Cooked green beans can serve as a healthy substitute to traditional cat treats. They are rich on thiamine, riboflavin, calcium, magnesium, potassium, vitamins A, B6, C, and K. As long as the cooked beans are unseasoned and don’t have any dressings, they will be perfectly safe for your kitty. Similarly to peas, you can serve them whole or pureed, but only in moderate amounts.
Can Cats Eat Zucchini? Yes!
According to the ASPCA, zucchinis are non-toxic to cats and dogs. What the ASPCA doesn’t say, however, is that this particular vegetable is among the best weight loss foods to give to an obese furball.
Diabetic or overweight pets can benefit from eating zucchinis as they’re low on calories. On the other hand, they contain high amounts of vitamins C, A, B6, as well as magnesium, iron, calcium, potassium and dietary fiber. Finely chopped steamed zucchinis can easily be hidden inside wet canned cat food. If your own feline pal is too finicky, you can mash the zucchini into a puree before mixing it with the food.
Can Cats Eat Spinach Or Is It Toxic? It’s OK For Some Cats, But Not All…
Last, but not least, is another famous human superfood, which can also be beneficial to cats – spinach. Spinach contains a plethora of vitamins and minerals, which are crucial for every living organism, including felines. One of its best advantages is that it can serve as an anti-inflammatory tool for the cat’s digestive tract lining.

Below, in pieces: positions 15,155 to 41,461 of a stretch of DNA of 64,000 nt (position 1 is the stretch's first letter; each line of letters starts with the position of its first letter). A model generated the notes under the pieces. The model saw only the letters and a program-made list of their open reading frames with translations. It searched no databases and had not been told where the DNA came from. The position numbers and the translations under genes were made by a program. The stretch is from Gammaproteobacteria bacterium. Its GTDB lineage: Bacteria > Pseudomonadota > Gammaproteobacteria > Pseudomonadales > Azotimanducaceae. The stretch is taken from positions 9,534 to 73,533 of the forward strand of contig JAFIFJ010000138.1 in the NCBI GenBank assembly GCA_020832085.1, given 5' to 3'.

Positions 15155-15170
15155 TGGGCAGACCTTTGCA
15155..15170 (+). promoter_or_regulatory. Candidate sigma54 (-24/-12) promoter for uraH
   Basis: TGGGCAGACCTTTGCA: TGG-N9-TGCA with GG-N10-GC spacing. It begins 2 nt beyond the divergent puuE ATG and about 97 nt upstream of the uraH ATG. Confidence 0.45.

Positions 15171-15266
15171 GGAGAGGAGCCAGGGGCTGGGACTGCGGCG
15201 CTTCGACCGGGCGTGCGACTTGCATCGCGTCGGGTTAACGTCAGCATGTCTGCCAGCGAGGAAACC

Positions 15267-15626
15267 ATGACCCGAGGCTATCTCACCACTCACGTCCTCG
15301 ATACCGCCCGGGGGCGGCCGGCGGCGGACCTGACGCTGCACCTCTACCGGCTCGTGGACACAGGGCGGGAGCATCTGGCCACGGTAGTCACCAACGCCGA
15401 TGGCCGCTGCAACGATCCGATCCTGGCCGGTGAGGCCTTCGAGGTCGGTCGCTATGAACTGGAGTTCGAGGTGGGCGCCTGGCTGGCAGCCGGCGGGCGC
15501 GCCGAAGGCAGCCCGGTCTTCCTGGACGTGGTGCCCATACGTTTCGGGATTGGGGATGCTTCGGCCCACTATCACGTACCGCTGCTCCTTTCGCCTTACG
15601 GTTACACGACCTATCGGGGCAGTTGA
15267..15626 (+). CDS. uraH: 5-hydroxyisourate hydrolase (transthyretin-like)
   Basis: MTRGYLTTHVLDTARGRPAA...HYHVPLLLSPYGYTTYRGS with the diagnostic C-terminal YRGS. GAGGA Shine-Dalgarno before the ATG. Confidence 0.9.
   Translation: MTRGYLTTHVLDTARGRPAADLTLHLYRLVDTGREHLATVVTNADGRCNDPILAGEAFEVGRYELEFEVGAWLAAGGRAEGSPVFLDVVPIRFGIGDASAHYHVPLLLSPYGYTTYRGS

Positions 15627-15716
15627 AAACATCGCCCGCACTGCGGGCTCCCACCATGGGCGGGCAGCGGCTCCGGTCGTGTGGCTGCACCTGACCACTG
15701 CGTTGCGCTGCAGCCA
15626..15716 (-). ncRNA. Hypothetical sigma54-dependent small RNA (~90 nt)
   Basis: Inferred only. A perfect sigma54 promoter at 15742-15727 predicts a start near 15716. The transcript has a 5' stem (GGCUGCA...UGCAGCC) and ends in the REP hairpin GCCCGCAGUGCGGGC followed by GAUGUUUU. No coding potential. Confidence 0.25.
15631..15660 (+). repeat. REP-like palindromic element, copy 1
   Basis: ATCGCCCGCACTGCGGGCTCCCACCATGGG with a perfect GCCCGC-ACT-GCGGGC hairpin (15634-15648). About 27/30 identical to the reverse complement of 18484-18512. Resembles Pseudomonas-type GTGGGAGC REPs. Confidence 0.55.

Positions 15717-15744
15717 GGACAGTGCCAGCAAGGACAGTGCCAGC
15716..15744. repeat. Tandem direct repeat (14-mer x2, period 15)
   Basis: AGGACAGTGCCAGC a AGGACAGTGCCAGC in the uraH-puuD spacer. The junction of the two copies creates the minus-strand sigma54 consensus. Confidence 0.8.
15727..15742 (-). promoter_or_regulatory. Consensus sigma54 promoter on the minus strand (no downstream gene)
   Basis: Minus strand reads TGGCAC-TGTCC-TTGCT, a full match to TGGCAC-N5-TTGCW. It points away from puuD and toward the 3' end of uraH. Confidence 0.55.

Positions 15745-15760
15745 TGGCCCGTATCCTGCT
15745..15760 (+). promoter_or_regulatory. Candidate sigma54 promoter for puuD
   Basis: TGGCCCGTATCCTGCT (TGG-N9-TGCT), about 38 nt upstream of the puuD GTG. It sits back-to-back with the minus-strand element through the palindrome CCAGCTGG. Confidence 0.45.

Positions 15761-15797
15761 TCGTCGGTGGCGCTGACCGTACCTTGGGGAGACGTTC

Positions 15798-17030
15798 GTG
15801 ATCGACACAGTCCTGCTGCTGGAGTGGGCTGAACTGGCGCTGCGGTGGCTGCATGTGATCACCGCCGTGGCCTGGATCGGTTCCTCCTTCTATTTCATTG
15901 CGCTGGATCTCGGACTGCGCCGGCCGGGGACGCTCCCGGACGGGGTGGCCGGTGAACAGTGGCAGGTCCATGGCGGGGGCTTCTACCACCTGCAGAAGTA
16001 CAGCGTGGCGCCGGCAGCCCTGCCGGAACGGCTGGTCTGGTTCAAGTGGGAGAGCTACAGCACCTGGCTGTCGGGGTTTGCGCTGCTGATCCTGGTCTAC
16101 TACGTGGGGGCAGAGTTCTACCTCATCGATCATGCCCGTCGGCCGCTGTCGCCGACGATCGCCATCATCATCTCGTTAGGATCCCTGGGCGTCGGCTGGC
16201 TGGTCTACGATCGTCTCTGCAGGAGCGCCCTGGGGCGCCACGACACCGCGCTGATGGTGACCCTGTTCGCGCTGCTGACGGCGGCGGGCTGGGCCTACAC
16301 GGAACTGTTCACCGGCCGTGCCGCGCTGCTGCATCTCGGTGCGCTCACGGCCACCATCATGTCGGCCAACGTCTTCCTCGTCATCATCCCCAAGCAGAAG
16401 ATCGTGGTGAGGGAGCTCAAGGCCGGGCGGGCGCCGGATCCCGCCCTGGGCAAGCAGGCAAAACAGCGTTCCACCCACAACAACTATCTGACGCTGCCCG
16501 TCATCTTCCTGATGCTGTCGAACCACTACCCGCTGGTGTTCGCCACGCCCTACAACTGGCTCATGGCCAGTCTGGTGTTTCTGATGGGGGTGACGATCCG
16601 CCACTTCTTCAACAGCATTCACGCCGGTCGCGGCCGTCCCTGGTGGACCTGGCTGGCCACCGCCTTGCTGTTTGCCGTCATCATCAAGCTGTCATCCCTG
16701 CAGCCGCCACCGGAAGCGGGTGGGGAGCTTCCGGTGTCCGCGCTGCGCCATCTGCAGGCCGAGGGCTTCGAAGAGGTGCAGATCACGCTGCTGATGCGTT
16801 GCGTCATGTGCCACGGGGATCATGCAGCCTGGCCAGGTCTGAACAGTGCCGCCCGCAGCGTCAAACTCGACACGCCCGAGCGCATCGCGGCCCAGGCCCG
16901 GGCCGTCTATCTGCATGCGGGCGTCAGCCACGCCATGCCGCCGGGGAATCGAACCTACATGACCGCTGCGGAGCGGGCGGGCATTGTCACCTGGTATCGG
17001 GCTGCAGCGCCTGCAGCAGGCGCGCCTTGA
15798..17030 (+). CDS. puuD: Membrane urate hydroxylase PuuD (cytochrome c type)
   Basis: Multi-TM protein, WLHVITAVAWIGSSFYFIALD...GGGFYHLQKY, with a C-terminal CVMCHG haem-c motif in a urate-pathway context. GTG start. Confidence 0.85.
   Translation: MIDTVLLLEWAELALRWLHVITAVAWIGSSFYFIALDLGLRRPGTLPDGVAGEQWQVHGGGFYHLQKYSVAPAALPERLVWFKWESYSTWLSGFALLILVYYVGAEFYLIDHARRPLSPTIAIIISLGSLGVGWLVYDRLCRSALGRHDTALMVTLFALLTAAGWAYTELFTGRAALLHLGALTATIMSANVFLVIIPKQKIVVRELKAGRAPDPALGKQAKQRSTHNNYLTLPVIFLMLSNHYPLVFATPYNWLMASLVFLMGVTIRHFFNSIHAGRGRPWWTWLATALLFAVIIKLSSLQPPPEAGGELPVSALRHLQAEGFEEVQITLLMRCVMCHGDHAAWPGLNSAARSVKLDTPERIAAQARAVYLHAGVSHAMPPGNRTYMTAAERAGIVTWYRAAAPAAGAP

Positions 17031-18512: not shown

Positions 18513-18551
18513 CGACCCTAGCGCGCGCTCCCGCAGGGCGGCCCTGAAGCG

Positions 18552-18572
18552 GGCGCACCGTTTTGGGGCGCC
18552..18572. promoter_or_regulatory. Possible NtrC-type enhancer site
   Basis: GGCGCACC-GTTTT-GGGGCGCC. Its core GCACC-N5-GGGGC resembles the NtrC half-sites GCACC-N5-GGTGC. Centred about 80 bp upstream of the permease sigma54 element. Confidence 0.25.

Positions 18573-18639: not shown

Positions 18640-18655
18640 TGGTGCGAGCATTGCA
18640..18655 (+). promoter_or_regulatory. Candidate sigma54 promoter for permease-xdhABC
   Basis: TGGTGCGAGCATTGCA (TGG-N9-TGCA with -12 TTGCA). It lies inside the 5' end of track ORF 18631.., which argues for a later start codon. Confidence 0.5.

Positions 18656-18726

However, spinach can also be dangerous to some cats, especially those suffering from urinary tract problems. It contains calcium olaxate. Even though the amounts of calcium olaxate are low, they can contribute to the possible formation of harmful crystals in your pet’s urinary tract.
Regardless of the type of vegetables you’re feeding your cat with, keep in mind that the kitty is a carnivore. A well-balanced feline diet features meat as a primary food item, whereas vegetables must be serving only as an additional bonus. They can’t substitute the essential ingredients in real meat products. And if your cat is thriving on a vegetable-based diet, it will suffer from malnourishment, which will lead to a number of health problems.